The Noda B’Yehuda (Rabbi Yechezkel Landau (1713-1793) of Prague) asks, according to the Sages, how can an individual be obligated to bring an offering for merely following the rulings of the court? Why is one who relies on a fallacious leniency disseminated by Beis Din considered a shogeg--and thus obligated to bring a personal chatas--as opposed to an ones? The Noda BiYehuda answers that a shogeg is any case in which a mistake is made, no matter who it was that made the mistake. When Bais Din makes an imprecise ruling, an error is made, and the follower of said error is responsible. He surely cannot be responsible for his own action, for he acted in way which he believed to be permitted, however his deed was the result of an error because the court was mistaken in its ruling. On the other hand, an ones (accident) occurs when there was no error whatsoever on anyone’s part, but rather everything was completely beyond the transgressor’s control.
One might think to himself that if he were responsible even when following the psak of Beis Din, then he would be better off ignoring the judicial injunctions of the Jewish Court. About this, the Torah writes, “Through the teaching [i.e. Torah] that they [the Sanhedrin and its lower courts] will teach you, and according to the justice that they will say to you, so you shall do; do not turn [deviate] from the words that they will tell right or left.” One is obligated to heed to the ruling of Bais Din “even if they tell you that right is left and left is right”. Leeway is given in a situation when one knows that the Court’s directive is surely mistaken. However, even in such a case, he is only not obligated (or allowed) to follow their leniency until he presents to them his opinion and they reject it. After doing so, he is obligated to listen to the words of Bais Din.
Why is the adherent to the Bais Din’s flawed decision not considered a mayzid, if he willfully committed a transgression (albeit while relying on a judicial ruling)? The Talmud teaches that even one who knew that Bais Din was wrong and still followed their lenient psak is called a shogeg; why is such a person not considered a willful transgressor? Where is there a “mistake” that he should be branded a mistaken sinner as opposed to a willful sinner? Rashi answers that such a person erred concerning the proper understanding of Deuteronomy 17:11. He thought that verse’s injunction to abide to Bais Din applied even with respect to performing an act that he knows to be forbidden (and relying on a ruling that he knows to be inaccurate). However, the correct law is that one is not bound to yield to the judges’ decision if he is convinced they are mistaken, until after he elaborates his opinion in front of the court and they reject it. Since he erred about this law and still followed the words of Bais Din, he is regarded as a mistaken sinner, not a purposeful sinner.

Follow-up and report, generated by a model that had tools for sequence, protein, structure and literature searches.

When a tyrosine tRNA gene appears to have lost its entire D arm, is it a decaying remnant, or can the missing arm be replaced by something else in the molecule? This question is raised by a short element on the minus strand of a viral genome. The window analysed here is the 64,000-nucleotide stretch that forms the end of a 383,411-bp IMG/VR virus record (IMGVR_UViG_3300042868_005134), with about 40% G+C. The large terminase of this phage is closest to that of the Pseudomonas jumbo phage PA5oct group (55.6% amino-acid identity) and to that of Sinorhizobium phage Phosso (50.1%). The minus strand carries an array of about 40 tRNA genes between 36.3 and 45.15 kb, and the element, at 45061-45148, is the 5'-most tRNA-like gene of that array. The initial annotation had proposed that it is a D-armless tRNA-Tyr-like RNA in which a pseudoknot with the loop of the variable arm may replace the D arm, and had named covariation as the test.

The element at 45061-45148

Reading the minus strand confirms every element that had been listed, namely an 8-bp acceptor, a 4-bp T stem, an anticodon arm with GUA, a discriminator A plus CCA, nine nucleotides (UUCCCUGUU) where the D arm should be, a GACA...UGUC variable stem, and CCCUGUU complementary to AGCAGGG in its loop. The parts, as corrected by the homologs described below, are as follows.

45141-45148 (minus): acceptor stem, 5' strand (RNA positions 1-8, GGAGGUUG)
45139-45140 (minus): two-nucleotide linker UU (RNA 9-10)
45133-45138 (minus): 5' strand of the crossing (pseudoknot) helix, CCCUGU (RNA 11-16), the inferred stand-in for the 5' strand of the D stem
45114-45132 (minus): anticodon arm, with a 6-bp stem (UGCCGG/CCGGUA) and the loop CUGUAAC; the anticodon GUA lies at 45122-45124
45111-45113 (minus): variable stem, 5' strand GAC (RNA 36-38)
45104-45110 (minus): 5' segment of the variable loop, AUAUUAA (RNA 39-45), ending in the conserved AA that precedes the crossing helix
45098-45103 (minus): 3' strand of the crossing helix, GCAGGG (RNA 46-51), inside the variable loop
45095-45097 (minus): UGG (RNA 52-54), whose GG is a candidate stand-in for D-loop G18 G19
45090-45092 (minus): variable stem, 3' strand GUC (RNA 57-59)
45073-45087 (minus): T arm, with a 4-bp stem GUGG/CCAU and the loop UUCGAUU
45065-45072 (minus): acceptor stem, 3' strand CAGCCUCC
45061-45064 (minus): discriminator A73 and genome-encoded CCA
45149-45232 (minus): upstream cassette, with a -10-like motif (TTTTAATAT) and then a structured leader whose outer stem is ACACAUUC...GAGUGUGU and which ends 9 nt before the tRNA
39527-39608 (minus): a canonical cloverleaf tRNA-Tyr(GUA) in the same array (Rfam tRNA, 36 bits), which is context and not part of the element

A final verdict of Bais Din can only be overturned by Bais Din. This means that even if one proves Bais Din conclusively wrong, the verdict still stands until the Bais Din itself admits its mistake and retracts the said ruling. Even another Bais Din cannot necessarily null and void another Bais Din’s decrees or rulings, unless the second Bais Din is, as the famous Mishnaic dictum dictates, “greater than the first in wisdom and numbers.” Just as the Tractate Avos (“Ethics of our Fathers”) is replete with warning to judges (i.e. to be careful in their deliberations) that can equally apply to the average citizen, this law that only a Bais Din can reverse a Bais Din’s psak is a lesson for everyone. Only the one who makes an error can fix his error, and the first step to fixing an error is admitting that an error was made. Even though as humans, we are prone to making mistakes, we must try to emulate our perfect Creator as much as possible. Therefore, when we are pure-hearted, we should have the right to carry out rulings using the World’s blueprints (i.e. the Torah). It is a pity that in this day and age people are more crooked than in previous times, but with G-d’s help we will merit to once again have righteous judges with the coming of the Messiah and the re-building of HaShem’s Holy Temple and the re-establishment of the Sanhedrin, speedily and in our days. Amen.
 Leviticus 4:13-21
 Psalms 82:1
 Deuteronomy 22:26
 Bava Kama 28b
 Whether or not he is obligated to bring a personal chatas is subject to a Tannaic dispute: Rabbi Yehuda believes he is always exempt from bringing a chatas, while the Sages maintain he is not exempt until the majority of the nation also sins because of the court’s mistaken leniency and thereby necessitating a public offering of par heleim davar. The opening Mishna of Meseches Horayos (2a) expresses the opinion of Rabbi Yehuda. See more about the Sages’ opinion below.
 Kesubos 30a-b
 Makkos 7a ff
 Horayos 2b
 Chiddushei Rabbeinu Chaim HaLevi to Maimonides, Laws of Mistakes 13:4
 Responsa Yoreh Deah §96
 Deuteronomy 17:11
 Sifri ad loc.
 See Ramban/Nachmanides in his hasagos (points of arguments) to the Sefer HaMitzvos of the Maimonides, Shoresh (root) 1. The Ramban answers a seeming contradiction between the Sifri and the Talmud in Horayos 2b.
Friday, October 28, 2005
Essay One: Moral Jew II: Mistake
Posted by Reb Chaim HaQoton at 9:27 AM